Three Moghuls I Find Extraordinary

Three Moghuls

Mughal empire is a significant episode of Indian history, marking the zenith of pre-democracy India. Like every other empire, it had its bright and dark sides. History is about objectively examining both facets of your subject. Similarly, not all Mughals were the same, only a few of them were truly exceptional for their gifts, execution, achievements, and legacy. Here, I will talk about the three Mughal figures I find truly exceptional.

Princess Jahanara (1614 – 1681)

Mughal empire
<mark style=background colorrgba0 0 0 0 class=has inline color has secondary color><strong>Portrait of a young lady identified as Jahanara and attributed to the painter Lalchand c 1631 33 Source British Library<strong><mark>

I find Princess Jahanara the most exceptional of many remarkable Mughal women. Jahanara was the eldest daughter of Emperor Shah Jahan and Empress Mumtaz Mahal and was a very bright girl. Following the demise of Mumtaz Mahal in 1631, Shah Jahan chose Jahanara over any of his wives to become the First Lady of the Empire (Padshah Begum). As the First Lady, Jahanara took over an establishment of several thousand women in a number of departments headed by women. Jahanara immediately took to her new role and was liked and respected by all.

Jahanara was a beautiful lady, inheriting her mother’s looks. Taking on her mantle, Jahanara looked after her younger siblings and arranged their marriages.  She was also an avid reader and a keen learner. She was well versed in Persian, Turkish, and Arabian literature and in religion and philosophy. She built some exquisite gardens like Bagh-e-Jahanara, Bagh-e-Nur, and Bagh-e-Safa. She was so adored by her father that Jahanara was the only Mughal woman who was weighed against gold and precious stones on her birthday, like the emperor.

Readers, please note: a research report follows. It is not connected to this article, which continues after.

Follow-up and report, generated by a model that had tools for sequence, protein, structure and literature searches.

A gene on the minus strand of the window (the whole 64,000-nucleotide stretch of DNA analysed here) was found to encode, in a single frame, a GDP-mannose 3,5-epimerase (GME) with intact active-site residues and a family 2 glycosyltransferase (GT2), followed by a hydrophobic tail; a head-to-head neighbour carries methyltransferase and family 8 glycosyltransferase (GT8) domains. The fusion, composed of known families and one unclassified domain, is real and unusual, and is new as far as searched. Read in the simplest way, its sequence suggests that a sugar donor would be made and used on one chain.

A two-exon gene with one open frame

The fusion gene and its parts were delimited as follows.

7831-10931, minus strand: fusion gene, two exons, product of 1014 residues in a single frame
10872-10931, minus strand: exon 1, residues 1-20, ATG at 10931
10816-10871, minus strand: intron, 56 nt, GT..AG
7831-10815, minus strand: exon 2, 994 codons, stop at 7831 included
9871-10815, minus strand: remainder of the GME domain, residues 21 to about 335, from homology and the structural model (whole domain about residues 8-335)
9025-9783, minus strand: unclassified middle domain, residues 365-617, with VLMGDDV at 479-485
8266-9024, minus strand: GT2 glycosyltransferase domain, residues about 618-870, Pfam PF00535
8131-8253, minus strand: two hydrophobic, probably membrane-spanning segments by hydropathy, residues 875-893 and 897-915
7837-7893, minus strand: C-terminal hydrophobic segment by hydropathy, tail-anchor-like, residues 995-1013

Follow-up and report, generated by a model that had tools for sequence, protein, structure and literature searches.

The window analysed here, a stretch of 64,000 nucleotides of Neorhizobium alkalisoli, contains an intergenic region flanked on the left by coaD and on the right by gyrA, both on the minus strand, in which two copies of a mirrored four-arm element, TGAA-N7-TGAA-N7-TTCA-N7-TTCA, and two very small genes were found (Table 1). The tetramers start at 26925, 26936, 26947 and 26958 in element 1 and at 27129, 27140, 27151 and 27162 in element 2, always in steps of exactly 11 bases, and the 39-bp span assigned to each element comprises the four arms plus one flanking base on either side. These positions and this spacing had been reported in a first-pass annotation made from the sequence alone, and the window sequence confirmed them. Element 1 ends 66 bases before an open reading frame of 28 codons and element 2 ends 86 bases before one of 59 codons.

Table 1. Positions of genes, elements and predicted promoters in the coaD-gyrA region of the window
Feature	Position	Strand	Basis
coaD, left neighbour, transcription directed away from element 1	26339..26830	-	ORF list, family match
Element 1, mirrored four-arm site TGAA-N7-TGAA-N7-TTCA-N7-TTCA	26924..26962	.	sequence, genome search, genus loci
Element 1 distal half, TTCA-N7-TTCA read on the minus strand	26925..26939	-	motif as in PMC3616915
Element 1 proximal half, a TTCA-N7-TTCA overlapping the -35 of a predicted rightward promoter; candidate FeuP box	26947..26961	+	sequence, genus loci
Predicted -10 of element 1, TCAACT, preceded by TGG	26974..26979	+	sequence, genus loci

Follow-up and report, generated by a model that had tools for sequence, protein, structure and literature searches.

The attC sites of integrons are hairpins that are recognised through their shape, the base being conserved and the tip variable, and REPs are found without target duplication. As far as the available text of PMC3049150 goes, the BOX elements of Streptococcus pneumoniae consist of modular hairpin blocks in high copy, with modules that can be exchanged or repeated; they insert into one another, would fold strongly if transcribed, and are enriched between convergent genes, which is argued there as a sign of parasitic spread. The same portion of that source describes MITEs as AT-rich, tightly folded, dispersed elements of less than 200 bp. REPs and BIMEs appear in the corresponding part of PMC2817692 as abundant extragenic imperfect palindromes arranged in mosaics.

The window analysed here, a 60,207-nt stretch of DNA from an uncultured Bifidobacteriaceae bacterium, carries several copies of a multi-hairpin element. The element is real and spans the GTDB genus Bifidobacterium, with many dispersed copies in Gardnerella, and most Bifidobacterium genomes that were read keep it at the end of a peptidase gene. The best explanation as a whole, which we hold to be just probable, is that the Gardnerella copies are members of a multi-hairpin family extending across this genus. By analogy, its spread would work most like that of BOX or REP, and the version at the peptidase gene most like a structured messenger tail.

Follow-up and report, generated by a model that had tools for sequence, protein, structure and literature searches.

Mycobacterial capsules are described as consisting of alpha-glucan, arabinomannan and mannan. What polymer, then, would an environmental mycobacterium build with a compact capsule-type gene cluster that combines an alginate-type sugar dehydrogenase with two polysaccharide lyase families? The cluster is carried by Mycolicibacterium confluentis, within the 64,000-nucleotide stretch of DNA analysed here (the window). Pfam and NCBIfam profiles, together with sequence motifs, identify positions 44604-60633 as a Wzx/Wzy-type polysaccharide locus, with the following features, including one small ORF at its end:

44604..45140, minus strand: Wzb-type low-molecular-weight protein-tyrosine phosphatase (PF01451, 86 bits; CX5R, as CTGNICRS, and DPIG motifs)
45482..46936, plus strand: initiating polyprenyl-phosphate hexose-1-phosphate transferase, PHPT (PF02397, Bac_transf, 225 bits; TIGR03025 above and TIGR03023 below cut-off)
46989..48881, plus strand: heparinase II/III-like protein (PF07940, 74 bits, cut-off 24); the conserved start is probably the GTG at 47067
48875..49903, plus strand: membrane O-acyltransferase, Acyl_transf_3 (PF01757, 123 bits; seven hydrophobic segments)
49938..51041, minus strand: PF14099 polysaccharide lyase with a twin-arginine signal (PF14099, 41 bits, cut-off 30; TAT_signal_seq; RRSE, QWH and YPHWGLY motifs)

Jahanara had a keen eye for business and actively participated in the empire’s trade ventures. She made Chandni Chowk and some of the other buildings in Delhi. She also made an elegant serai (a lodging place for travelers) at one end of Chandni Chowk. Francois Bernier, who visited the Mughal court, writes fondly of the serai, wishing Paris had an equivalent to boast. Jami Masjid of Delhi was also sponsored and funded solely by her.

Young Jahanara was very ambitious for carving a distinct place for herself and leaving her mark in the intensely patriarchal world she was a part of. She built a marvelous garden called Sahibabad, which was the biggest green area in Old Delhi. It was a walled garden spread over an area of 50 acres with summer pavilions set within ponds, hidden behind fountains.

Niccolao Manucci describes Jahanara as the richest woman in the world at that time, receiving revenues from a number of territories within the Mughal Empire as well controlling the prosperous port city of Surat. She enjoyed the exceptional privilege of having her own palace outside the walls of the Agra Fort.

Jahanara was very fond of her father and served as his chief advisor and confidante in administrative matters. She was also the first ever Mughal woman who was given the imperial seal for affixing to the imperial edicts. After a decade of playing a stellar role as Padshah Begum, and at the age of twenty-seven, Jahanara expressed her desire to step away from materialistic desires and start her journey as a Sufi abstainer.

She had a special bond with her brother Dara Shikoh, forged by the similarities in their philosophical, intellectual, and artistic interests. They both pursued Sufism and wrote their first books on Sufism at the same time. Dara authored “Safinat-ul-Auliya” (The Ship of Saints) that details some of the major Sufi orders. Jahanara wrote “Munis-al-Arwah” (Confidant of Souls) that is a detailed biography of Muin-ud-Din Chishti plus an account of five other saints of Chishti order. Jahanara also wrote Risala-e-Sahibiya (Epistle of Companionship), sharing her spiritual journey and beliefs with us along with the life sketch of her murshid (spiritual guide) Mulla Shah Badakhshi. This is an extraordinary piece of work, preserved as the only autobiography from a Mughal empress. Apart from being an erudite person, Jahanara also patronized poets and scholars. Mir Mohammad Ali wrote a famous masnavi praising Princess Jahanara’s generous sponsorship of artists and scholars.